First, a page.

Architect of sexual assault maps identified

Photo by Caroline Inglis Map posted in University Centre last month.

The creator of unidentified sexual assault maps, inviting people to share their experiences of sexual assault, posted in University Centre at the University of Manitoba last December has been identified as Caroline Inglis, a graduate student in the faculty of architecture.

The maps are a part of her design thesis project focusing on the relationship between the built environment and violence against women.

In early December, the Manitoban published an article about the maps of the U of M Fort Garry campus and downtown area. At the time of publication, the creator of the maps had not been identified.

With questions such as, “Is sexual harassment a problem on campus?” the questions were clear but the poster’s objective remained unknown.

After reading the Manitoban article, Inglis added a statement of purpose to the maps, as well as a citation for the statistic showing that 71 per cent of incidences of sexual assault are not reported. That information was provided by the government of Nunavut, where Inglis conducted research.

When asked what she thought about one response to the maps suggesting that resources for survivors of sexual assault should have been included on posters, Inglis said, “I didn’t think about it when I first posted it, but I agree that it can bring up so many emotions just to tell a story, so next time I’ll be sure to include it; it’s really important.”

Inglis said that the information written on the maps will be used primarily for her research project, which will ultimately culminate in a proposal for a new women’s shelter in downtown Winnipeg.

Inglis further explained her choice of the two locations shown in the maps. “The area downtown centres on the site I’m using for my thesis proposal. I added the university map as a supplement because the first couple of responses I was getting were actually from on campus.

“One of the things I’m trying to push for in my thesis is an engagement with people,” she said. “The fact that people are doing just that by writing on a poster is a success.”

A gendered issue?
One comment on the Manitoban website accused the project of being sexist because it ignored the issue of assault against men.

“I wasn’t actively trying to exclude anyone or bar anyone from adding their story,” Inglis replied. “My design thesis project is a shelter for women. That’s why I focused on that issue.”

Statistics show numbers as high as two in five cases of domestic violence in which the victims are men. It is estimated that one in ten adult men have been sexually assaulted and the majority of perpetrators are heterosexual men, according to the Sexual Assault Centre in Hamilton, Ontario.

The Canadian Women’s Foundation and Statistics Canada provide a more in-depth analysis of these numbers, bringing attention to the difference between types of violence to which men are subjected.

Males, according to a 2008 report by Statistics Canada, “are more likely to be the victims of physical assault and homicide, while sexual assault victims are overwhelmingly female.” According to their research, police say that men are more likely to be assaulted by a stranger, while women are more likely to be assaulted by someone they know.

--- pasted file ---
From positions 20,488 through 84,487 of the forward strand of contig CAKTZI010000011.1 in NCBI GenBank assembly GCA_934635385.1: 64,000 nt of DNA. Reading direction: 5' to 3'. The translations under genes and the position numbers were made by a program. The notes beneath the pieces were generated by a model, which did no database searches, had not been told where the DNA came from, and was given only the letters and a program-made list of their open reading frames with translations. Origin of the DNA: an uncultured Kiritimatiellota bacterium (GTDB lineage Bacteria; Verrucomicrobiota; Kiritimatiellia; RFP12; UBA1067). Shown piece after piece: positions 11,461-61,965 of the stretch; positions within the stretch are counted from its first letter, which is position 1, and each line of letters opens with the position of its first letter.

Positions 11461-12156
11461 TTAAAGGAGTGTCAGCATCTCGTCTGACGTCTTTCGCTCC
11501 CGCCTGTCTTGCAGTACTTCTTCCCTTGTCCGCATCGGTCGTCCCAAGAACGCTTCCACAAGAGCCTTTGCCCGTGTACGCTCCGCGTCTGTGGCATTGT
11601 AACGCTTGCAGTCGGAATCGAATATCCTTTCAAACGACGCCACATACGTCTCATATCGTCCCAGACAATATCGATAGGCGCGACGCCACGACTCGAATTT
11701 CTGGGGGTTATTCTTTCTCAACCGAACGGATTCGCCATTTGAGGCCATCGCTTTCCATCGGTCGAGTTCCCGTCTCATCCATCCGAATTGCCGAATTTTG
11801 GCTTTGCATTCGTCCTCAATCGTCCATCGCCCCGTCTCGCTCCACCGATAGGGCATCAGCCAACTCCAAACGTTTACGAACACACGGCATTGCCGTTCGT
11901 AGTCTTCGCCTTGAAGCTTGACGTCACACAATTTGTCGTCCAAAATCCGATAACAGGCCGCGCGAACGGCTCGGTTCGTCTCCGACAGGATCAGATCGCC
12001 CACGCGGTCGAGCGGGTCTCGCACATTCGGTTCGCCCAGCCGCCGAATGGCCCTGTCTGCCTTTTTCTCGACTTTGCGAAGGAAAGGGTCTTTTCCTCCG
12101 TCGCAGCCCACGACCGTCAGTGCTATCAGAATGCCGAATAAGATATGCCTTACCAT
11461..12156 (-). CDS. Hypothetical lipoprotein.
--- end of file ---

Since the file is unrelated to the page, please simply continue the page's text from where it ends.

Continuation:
Statistics from the Canadian Women’s Foundation show that 49 per cent of homicides of women are committed by a current or ex-lover, while only seven per cent of homicides of men are committed by sexual partners.

Defining the issue
One of the questions on Inglis’s poster read: How do you define sexual assault?

“People don’t really know how to define [sexual assault] or how to deal with it, so they just don’t,” says Inglis.

Regarding the difference between the terms sexual assault and domestic violence, Inglis said, “In most instances of sexual assault, the assailant is known to the victim, so it’s hard to differentiate the two. For it to be domestic violence, do you have to be married? What kind of relationship do you have to have?

“I think the term ‘sexual assault’ is more helpful to use because it’s more inclusive for all people to relate.”

The problem of defining sexual assault is further exemplified on the City of Winnipeg’s CrimeStat website, which provides local crime information.

The website defines sexual assault as an “offence that combines the components of assault with circumstances of a sexual nature where the suspect is not known to the victim. This would include a range of offences from unwelcome sexual comments or inappropriate touching, through to forced intercourse (rape).

“The Sexual Assault definition changed as of January 1st, 2008 in response to citizen’s feedback, to map occurrences involving only suspect(s) not known to the victim,” reads the website.

In Winnipeg, from Jan. 26, 2014 to Jan. 7, 2015, there were 173 cases of sexual assault, in addition to 212 cases of “known offender sexual assaults.” These numbers are based on occurrences recorded by police and are considered as preliminary crime data.

The rates of gendered violence are typically based on formal police reports. Due to the high level of underreporting for sexual assault, statistics about these assaults underestimate the prevalence and extent of the issue.

For immediate 24-hour crisis intervention in Winnipeg, call the Sexual Assault Crisis Line: 204-786-8631